Documentary Traces Growth of Surfing

October 6, 2006

By Jaclyn Anderson
3 Oct 2006

Consumption, consumerism, and corporation-principles that surfers once loathed- have accelerated surf culture into a mainstream entity.

What once started out as a rebellious sub-culture is now embraced by popular culture.

Surfing’s enormous growth is documented in a new film directed by Chris Cutri, assistant professor in the Communications Department.

The documentary, called “Riding the Wave,” focuses on how surfing culture has become mainstream, specifically through fashion, and how individuals find their identities through what they buy and what they wear, Cutri said.

Surfing has grown into a billion-dollar industry. In 2004, the surfing and skate industry made $5.6 billion, Cutri said.

Cutri interviewed the C.E.O. of Quiksilver, the C.E.O. of Hurley, the president of Billabong USA, and several professional surfers for the documentary.

Some long-time surfers say surfing culture in the west started out as a rebellion against the idea of consumption and the corporate world, and they argue there has been a shift from what surfing used to be due to surf corporation marketing, Cutri said.

Former professional surfer, Dave Parmenter, points the finger at surf corporations for the commercialization of surfing.

“In order to grow and get that big and prosper, they’ve had to basically sell out to the mainstream and market the good things about the surfing lifestyle to non-surfers,” Parmenter said.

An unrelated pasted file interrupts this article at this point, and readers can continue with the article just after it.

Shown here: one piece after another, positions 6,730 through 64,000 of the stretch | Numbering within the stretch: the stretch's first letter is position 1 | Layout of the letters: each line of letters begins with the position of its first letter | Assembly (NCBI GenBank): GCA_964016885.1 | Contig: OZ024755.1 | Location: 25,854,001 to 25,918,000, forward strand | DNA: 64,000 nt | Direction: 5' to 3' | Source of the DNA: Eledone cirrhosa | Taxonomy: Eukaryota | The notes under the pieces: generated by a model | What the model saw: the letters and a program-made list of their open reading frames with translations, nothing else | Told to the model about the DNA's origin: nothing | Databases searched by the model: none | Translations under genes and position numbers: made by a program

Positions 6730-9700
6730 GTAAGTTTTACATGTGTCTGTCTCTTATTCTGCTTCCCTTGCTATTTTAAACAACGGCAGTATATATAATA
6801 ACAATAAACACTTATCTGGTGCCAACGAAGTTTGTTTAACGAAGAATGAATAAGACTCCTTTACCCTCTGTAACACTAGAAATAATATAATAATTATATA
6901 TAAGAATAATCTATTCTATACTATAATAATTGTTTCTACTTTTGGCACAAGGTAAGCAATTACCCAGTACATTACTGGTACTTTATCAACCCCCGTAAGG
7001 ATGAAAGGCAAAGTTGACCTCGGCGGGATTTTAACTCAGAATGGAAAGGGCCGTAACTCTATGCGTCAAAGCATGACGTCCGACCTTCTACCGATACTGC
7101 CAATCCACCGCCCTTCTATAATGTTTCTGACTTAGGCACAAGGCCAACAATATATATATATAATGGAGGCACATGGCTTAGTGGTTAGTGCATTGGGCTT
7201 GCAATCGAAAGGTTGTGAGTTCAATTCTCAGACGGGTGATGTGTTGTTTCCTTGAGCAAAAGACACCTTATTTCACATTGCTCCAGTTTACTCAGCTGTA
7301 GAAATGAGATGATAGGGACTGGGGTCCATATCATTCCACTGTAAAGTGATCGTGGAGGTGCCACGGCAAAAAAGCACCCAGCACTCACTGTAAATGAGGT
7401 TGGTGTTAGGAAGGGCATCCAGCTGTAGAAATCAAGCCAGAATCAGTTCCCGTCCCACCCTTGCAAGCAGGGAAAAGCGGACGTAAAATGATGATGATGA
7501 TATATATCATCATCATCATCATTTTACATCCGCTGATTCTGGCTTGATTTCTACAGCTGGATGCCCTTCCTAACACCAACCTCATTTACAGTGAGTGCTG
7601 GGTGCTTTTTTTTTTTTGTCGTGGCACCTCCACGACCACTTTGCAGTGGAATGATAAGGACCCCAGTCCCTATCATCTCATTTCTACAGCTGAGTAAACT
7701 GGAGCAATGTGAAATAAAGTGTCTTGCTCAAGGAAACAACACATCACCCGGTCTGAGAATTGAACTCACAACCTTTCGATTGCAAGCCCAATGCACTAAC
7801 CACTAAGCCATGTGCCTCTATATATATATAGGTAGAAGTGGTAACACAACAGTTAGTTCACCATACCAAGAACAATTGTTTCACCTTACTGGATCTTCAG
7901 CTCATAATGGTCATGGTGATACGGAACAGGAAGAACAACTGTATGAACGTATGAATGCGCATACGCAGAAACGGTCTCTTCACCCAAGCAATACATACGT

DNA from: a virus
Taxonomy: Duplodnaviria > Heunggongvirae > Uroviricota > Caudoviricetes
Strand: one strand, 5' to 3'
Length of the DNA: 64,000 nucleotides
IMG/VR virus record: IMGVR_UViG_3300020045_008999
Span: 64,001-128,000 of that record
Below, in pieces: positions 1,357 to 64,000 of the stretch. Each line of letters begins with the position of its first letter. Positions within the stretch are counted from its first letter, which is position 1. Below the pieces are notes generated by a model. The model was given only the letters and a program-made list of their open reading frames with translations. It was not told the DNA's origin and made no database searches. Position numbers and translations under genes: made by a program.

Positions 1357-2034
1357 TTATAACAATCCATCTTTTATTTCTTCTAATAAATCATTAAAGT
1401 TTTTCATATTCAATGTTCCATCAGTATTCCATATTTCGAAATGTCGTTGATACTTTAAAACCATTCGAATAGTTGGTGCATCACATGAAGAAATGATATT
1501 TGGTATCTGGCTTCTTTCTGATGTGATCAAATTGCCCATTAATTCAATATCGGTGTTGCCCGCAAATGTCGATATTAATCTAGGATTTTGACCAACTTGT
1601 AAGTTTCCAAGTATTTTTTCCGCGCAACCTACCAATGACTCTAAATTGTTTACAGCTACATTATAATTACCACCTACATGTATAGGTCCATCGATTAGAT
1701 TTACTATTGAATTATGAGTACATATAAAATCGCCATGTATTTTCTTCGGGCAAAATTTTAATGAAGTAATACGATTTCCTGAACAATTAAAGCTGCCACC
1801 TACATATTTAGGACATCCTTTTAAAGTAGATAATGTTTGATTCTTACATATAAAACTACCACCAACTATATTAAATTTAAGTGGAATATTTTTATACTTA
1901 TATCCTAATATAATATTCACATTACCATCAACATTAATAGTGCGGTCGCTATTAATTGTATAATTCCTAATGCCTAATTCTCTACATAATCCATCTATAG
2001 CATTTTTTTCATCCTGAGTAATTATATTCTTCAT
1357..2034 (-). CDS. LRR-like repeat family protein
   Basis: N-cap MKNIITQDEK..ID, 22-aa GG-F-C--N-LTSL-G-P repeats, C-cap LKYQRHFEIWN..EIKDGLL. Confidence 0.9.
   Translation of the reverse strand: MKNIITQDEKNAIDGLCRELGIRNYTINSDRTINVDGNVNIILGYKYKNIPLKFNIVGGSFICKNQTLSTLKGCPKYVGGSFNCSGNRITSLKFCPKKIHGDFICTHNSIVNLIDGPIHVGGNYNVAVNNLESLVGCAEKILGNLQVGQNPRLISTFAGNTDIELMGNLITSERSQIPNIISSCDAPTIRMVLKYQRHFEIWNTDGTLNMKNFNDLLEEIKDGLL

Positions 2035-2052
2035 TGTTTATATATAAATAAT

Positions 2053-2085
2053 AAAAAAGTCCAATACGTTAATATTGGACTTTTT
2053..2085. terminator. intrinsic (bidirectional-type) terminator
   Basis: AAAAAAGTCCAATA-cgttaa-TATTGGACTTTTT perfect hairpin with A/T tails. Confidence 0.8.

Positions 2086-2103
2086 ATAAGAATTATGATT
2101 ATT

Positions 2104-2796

Malcolm Botto, who researched identity issues for the documentary, said surf brands have grown in popularity because they make it easy for people to feel like they fit in.

“In our capitalist world all you need to do is consume the cultural products and you’re in, Botto said in an email interview. “Surfing is a lifestyle with a particular world view people really like. Many may wear surf brand clothing not necessarily because they surf but because they like what surfing stands for, or because they want to belong to the group of people that identify themselves with surfing.”

Parmenter said surf corporations target the insecurity of youth.

“Kids today are so petrified of being uncool that they don’t know what cool or uncool is anymore,” Parmenter said. “They can’t even tell so they just want to exist in this camouflage all the time so they don’t have to make those choices.”

Nate Stanley, a 23-year-old junior from Minneapolis, Mn., said all the “cool kids to normal kids” in his elementary school wore surfing brands. “Back in the day it was awesome to wear Billabong, Stucci, Redsand, Mossimo, Quiksilver, all those surfing shirts with the big logo on the back and the little logo on the front,” Stanley said.

Surf corporations, like Quiksilver, take credit for much of the recent popularity of surfing and surf culture.

Greg Macias, vice-president of marketing for Quiksilver, said in an email interview that surf corporations spend millions of dollars to promote riders, events, camps, and their products.

“All of this energy is aimed at making the lifestyle more attainable and desirable to young people globally,” he said. “The draw of the sport and the lifestyle are there already but these groups of people [surf corporations] have definitely accelerated its popularity.”

“Riding the Wave,” which will be finished around the end of October, will be shown at the North American Sociology Sport Conference in Vancouver, British Columbia, in November. Cutri plans to send the documentary to film festivals.

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